Thus, we come back to the great email I received from Mr. Borba this morning.  Now that I've recapped the UC Davis story and given my very brief 2 cents on it, I would like to yield the remainder of my time to the distinguished gentleman from the central valley...

For those who know me, I think they’d agree that I’m a pretty conservative guy.  (Editor's note: "pretty conservative" is a huge understatement. ;) )  But, while I was a freshman@ UC Davis (1969-70), the college campus Vietnam war protests were just beginning.  That year the Kent State shooting and People’s Park incidents (riots?) scared my folks to death.  Dad called and told me the night of the Kent State killings, “Get your stuff packed in your car and come home.  Those damn hippies are crazy!”   After assuring him that UC Davis was NOT UC Berzerkley... he relented.  Davis was pretty calm during those ensuing years, with the majority of student unrest/demonstrations taking place at other universities.  There was a short term takeover of Mrak Hall, and classes were canceled to encourage discourse (and Pass/Fail grades for the quarter).  But, if you really wanted to engage, a bus ride to Berkeley was required.

Fast track now 40+ years later... and most people have a new perspective.  What the hell was I thinking back then?  Didn’t the students have it right?  Wasn’t the US’s involvement in Vietnam a disaster?  Didn’t we lose 58,000+ lives of young Americans... in a war that was internal/a Civil War... which, upon finally exiting, saw the North take over and result in what we see today, peace and (Who would have thunk it?) capitalist economic activity... and nothing like the outcome described by the war hawks and no B52’s overhead, pounding civilians into surrender!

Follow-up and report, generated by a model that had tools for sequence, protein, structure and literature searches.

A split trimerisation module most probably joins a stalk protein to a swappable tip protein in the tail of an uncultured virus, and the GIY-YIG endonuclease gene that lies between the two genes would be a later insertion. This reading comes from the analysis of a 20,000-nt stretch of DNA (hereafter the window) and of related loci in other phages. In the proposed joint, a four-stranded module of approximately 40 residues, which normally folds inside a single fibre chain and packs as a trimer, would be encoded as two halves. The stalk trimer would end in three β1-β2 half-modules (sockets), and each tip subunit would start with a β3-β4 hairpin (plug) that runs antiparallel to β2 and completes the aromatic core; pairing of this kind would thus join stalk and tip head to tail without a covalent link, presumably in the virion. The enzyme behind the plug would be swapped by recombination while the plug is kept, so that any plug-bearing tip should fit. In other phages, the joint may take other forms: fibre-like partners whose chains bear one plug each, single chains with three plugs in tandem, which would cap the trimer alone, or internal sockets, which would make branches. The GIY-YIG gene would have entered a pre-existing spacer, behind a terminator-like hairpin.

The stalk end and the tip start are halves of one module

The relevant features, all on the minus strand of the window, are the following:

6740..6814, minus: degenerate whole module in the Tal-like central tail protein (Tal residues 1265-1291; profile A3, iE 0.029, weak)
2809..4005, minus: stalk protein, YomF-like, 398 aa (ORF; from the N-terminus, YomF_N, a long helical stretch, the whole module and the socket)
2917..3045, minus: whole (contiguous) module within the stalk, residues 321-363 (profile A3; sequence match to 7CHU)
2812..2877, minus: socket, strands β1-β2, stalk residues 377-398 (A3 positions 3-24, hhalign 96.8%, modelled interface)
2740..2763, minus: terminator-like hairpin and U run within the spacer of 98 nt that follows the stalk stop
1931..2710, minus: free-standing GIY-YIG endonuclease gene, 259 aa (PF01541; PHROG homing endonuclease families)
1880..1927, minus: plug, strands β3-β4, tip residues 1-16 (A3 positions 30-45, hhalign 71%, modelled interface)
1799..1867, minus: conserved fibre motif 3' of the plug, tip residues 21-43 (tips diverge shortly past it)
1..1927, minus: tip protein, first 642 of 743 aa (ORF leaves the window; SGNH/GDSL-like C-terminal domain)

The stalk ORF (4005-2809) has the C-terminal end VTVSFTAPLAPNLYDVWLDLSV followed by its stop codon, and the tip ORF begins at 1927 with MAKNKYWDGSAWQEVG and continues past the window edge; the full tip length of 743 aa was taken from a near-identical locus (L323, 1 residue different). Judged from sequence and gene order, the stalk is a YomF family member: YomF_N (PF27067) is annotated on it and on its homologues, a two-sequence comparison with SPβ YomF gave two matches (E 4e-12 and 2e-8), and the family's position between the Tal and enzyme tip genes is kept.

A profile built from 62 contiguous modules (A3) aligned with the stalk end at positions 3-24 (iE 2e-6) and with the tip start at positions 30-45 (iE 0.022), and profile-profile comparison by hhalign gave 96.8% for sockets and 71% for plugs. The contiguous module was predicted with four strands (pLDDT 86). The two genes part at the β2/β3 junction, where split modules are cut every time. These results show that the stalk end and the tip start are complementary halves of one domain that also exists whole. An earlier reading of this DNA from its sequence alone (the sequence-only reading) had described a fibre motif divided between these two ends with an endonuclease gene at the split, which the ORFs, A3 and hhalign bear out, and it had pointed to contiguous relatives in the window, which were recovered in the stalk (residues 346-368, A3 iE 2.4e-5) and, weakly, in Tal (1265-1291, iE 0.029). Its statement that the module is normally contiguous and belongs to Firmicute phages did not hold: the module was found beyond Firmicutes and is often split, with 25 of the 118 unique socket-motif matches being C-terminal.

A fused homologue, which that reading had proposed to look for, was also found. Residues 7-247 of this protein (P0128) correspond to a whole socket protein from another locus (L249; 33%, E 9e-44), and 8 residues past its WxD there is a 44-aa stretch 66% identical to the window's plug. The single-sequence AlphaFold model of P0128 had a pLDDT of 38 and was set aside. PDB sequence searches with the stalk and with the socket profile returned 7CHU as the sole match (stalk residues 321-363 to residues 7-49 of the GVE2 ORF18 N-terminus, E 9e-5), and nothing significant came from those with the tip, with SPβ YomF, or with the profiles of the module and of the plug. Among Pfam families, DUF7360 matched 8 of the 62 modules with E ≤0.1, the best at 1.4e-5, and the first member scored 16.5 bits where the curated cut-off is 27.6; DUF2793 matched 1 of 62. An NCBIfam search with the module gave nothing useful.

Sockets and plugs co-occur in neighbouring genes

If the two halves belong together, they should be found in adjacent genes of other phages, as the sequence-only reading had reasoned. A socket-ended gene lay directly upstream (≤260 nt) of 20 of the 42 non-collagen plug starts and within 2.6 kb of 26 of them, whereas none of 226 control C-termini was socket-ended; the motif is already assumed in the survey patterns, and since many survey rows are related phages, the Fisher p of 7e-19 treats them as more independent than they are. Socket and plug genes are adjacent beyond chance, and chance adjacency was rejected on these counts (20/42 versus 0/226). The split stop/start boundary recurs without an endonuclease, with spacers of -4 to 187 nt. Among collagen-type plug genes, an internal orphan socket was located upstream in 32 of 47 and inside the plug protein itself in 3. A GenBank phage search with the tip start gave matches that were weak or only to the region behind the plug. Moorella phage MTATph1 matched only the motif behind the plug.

I’m just saying that things aren’t always as they appear.  I wish I’d been more active... and thought more for myself, instead of just supporting the “authorities” against “those crazy hippies”. 

These UCD students are the voices of the future.  Perhaps we (oldsters) don’t agree with them, as my Dad didn’t agree with the Students for a Democratic Society (SDS) back then.  But, that is what open debate and differing opinions are all about.  In societies where differing viewpoints can’t be presented for discussion and frustrated demonstration is quashed... Civil War often results.  Is that preferable?  This Country is in a mess.  And, it’s our (oldster) generation that put us here.  These next gen students have a right, and yes a duty to speak up.  As I often tell them, “You’re the ones who are going to pay the bill.  You better engage!”

One last thing—Is there anyone who believes that the UCD cops were right?  What was the harm in the students sitting on the sidewalk in the Quad?  The cops  were not being physically threatened? Nobody is even heard threatening them?  What was the trigger (thought) that made the pepper spray seem like “the right thing to do”... and be used so cavalierly?  In hindsight, would we now approve/recommend that action? 

We often lament that our young people don’t engage in solving the Nation’s/World’s problems.  We say they don’t watch/read the news; they play video games and drink to an excess and probably don’t study as hard as they should (Oh, of course not as hard as we did, right?)... taking undue advantage of a very costly education.  Yet, when this opportunity to stand up and lead and voice an opinion/discuss solutions emerged, do we really think the proper response is pepper spray? 

I trust everyone has gotten a lesson from this incident.  It wasn’t on the level of the shootings at Kent State or riots of Berkeley’s People’s Park.  But, it is now a wide-spread symbol of what young activist voices can achieve... raising the sensibilities of old and young alike.  I for one support these students’ public outcry... and defense of the right to assemble and freedom of speech.  I can’t help but think, “How many lives might have been saved from the battlefields of Southeast Asia if I (and others who just observed) had stood up and spoken/debated... a clear vision back in 1969-70?”